Jon Meacham’s Thomas Jefferson; the Art of Power.
Sorry, but I just can’t take seriously a biography that begins like this: “He woke at first light. Lean and loose-limbed, Thomas Jefferson tossed back his sheets in his rooms at Conrad and McMunn’s boardinghouse on Capitol Hill, swung his long legs out of bed, and plunged his feet into a basin of cold water – a lifelong habit he believed good for his health."
Although there is over a page of notes at the back of the book verifying the content of these two sentences, covering every single fact except Jefferson’s tossing back of his sheets, it is an opening that does not inspire confidence that the book is going to be serious, well-written and pithy, which – off the top of my head – are the qualities I want in a history or biography.
My doubts were confirmed later by the aside in this sentence: “Yet the two men [Jefferson and John Adams] – and, in time, Abigail, Adams’s wonderful wife – were to forge one of the greatest and most complicated alliances in American history.” What does “wonderful wife” mean? If the author thinks of Abigail Adams as “wonderful” there should be a paragraph, either as a note or earlier in the text, explaining the adjective. My feeling on reading this – probably curmudgeonly and cynically mistaken – was that Meacham was referring not to Abigail Adams at all, but to Laura Linney, who played Abigail, as “wonderful,” in the PBS series on John Adams. Come to think of it, there is no justification for the vague “one of the greatest” describing Jefferson and Adams’ alliance.
I’ll keep reading, though. Meacham’s description of the political machinations among the founders is detailed and nuanced, as long as you forgive his careful and mildly patronizing All Things Considered style. (That’s NPR’s daily news program, which seems aimed at intelligent and curious eleven-year-olds.) But the book is not giving me much pleasure.
Great American history: The Age of Federalism by Stanley Elkins and Eric McKitrick.
After writing the above I checked Meacham’s Wikipedia listing. He’s a big-shot at Random House, an erstwhile editor of Newsweek and Time and maintains a connection with public broadcasting, all of which explains an awful lot.
Jon Meacham’s Thomas Jefferson; the Art of Power.
In a passage in Mansfield Park, Jane Austen anticipated Freud by two centuries.
It is a brainstorm apropos of nothing. Ostensibly, it follows up the musings of the novel’s protagonist, Fanny Price, on changing landscapes, but is really a non sequitur, just a profound perception – pretty much identical to Freud’s – too exciting not to get down on paper.
Here it is, with its surrounding context.
“Three years ago this was nothing but a rough hedgerow along the upper side of the field, never thought of as anything, or capable of becoming anything; and now it is converted into a walk, and it would be difficult to say whether most valuable as a convenience or an ornament; and, perhaps, in another three years we may be forgetting – almost forgetting what it was before. How wonderful, how very wonderful the operations of time, and the changes of the human mind!” And following the latter train of thought, she soon afterwards added: “If any one faculty of our nature may be called more wonderful than the rest, I do think it is memory. There seems something more speakingly incomprehensible in the powers, the failures, the inequalities of memory, than in any other of our intelligences. The memory is sometimes so retentive, so serviceable, so obedient; at other, so bewildered and so weak; and at other again, so tyrannic, so beyond control! We are, to be sure, a miracle every way – but our powers of recollecting and of forgetting do seem peculiarly past finding out.”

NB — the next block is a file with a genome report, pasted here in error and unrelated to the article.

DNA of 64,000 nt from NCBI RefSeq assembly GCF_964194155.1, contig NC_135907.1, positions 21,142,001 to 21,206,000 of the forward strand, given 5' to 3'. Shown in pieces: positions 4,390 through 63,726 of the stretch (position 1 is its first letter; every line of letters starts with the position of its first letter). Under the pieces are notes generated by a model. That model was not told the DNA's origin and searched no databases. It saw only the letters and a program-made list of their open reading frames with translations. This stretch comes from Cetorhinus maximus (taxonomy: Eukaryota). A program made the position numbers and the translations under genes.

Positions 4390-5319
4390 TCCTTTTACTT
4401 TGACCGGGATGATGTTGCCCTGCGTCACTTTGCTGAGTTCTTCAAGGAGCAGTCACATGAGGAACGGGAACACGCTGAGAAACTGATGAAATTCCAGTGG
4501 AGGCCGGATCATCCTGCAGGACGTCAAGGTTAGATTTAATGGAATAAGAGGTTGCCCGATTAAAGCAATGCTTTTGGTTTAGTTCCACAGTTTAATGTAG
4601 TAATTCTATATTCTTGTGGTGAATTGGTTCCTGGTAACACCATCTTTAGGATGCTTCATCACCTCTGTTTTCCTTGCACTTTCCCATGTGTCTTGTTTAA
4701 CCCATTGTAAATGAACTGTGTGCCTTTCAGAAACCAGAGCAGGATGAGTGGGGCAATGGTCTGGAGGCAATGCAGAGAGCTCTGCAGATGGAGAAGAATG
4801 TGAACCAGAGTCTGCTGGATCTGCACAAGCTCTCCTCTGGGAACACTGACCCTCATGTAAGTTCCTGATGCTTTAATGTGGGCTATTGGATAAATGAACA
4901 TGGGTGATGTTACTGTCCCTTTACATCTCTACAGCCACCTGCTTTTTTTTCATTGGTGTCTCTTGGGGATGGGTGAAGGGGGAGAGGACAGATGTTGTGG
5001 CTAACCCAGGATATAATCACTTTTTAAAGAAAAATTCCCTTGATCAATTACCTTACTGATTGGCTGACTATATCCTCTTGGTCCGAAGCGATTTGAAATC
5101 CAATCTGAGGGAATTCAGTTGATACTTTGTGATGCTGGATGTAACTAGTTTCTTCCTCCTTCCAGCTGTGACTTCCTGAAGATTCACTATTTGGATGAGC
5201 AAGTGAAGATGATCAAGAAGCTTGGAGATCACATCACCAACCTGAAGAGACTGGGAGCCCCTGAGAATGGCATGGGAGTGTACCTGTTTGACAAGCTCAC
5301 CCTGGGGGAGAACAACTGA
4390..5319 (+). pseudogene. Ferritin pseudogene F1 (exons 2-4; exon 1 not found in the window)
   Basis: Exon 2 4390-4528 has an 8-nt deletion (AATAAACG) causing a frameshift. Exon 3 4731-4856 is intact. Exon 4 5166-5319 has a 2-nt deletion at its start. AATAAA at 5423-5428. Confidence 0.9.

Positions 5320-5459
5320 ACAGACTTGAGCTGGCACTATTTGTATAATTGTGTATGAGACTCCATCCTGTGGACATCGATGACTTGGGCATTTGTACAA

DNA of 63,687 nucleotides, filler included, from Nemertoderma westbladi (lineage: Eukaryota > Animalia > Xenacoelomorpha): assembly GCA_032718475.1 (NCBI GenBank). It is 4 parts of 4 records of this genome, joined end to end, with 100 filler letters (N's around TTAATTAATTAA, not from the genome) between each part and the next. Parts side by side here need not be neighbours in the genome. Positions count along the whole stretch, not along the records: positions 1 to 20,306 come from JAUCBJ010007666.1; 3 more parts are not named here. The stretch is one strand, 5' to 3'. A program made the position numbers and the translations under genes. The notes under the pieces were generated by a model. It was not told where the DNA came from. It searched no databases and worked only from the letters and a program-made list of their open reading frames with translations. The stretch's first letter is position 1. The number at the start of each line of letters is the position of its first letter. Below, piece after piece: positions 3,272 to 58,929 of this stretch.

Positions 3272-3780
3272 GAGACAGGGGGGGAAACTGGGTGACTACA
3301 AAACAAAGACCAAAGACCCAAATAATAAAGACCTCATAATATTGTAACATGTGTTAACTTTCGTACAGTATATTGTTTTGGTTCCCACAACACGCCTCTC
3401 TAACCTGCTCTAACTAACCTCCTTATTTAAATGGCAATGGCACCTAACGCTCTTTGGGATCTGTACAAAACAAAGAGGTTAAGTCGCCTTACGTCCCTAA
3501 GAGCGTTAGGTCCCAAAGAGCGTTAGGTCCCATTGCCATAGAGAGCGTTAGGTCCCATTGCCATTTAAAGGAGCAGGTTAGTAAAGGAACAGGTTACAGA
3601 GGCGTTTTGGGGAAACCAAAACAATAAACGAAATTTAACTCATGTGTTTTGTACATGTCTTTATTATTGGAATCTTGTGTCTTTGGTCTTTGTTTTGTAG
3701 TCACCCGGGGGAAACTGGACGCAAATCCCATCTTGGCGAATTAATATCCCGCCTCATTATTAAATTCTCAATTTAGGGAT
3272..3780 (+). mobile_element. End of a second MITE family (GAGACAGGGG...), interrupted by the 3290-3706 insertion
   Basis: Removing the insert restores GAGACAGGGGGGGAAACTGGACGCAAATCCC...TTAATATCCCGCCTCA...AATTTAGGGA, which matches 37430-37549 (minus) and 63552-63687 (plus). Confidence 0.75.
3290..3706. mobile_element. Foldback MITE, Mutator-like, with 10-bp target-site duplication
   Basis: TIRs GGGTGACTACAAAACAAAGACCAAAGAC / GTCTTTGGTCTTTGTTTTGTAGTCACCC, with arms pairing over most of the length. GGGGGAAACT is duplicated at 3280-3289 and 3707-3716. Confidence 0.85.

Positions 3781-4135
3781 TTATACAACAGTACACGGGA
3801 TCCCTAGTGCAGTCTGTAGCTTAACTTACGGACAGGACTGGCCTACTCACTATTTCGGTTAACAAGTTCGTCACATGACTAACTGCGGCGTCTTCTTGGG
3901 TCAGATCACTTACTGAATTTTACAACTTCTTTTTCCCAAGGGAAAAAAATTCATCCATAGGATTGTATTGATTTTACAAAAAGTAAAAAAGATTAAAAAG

Miss Crawford, untouched and inattentive, had nothing to say; and Fanny, perceiving it, brought back her own mind to what she thought must interest.
“It may seem impertinent in me to praise, but I must admire the taste Mrs. Grant has shown in all this.”
Of course, with the self-confidence of a great artist living in a stable society, Austen did not feel compelled to construct a cockamamie theory to explain the mystery.
Watching HBO’s Parade’s End last night, Anna Livia Plurabelle reminded me that Sylvia Tietjen’s name for her maid, Hello Central, is the name given by the Connecticut Yankee’s wife to their new-born girl child because it is something he murmurs in his sleep.
Ford Madox Ford was an aficionado of American literature – he founded the Transatlantic Review – so Sylvia’s Hello Central surely is a tribute to Mark Twain.
The script for the HBO mini-series is by Tom Stoppard. (HBO continues to spell out the word as “miniseries,” which looks to me like mi-ni-zer-ies, and will ever be pronounced by me as such, but I notice that the New York Times has, at last, introduced the required hyphen.) At first I thought Stoppard’s version was a bit telegraphic, considering the density of the novel, but soon all the snippets of scenes and dialogue meshed.
HBO’s Tietjens was also at first disconcerting, because he does not have the bulky avoirdupois of Ford’s protagonist, and when he is referred to by Sylvia as “that big ox” and elsewhere with adjectives befitting a largish man, the discrepancy stands out. But the HBO Tietjens’ large face, weak chin and jowls are right enough, and considering the rugged, manly alternatives that probably presented themselves, I think casting did a pretty good job. (Tietjens is Ford, no doubt about it.)
If you haven’t read Parade’s End, you probably should before seeing the HBO version, but it is four novel’s long, so you can be forgiven if you don’t.
And, if you haven’t read A Connecticut Yankee in King Arthur’s Court, thinking that it probably was a quick slapstick farce like the Bing Crosby movie, you’re missing a warm-hearted satire that is Twain at his best.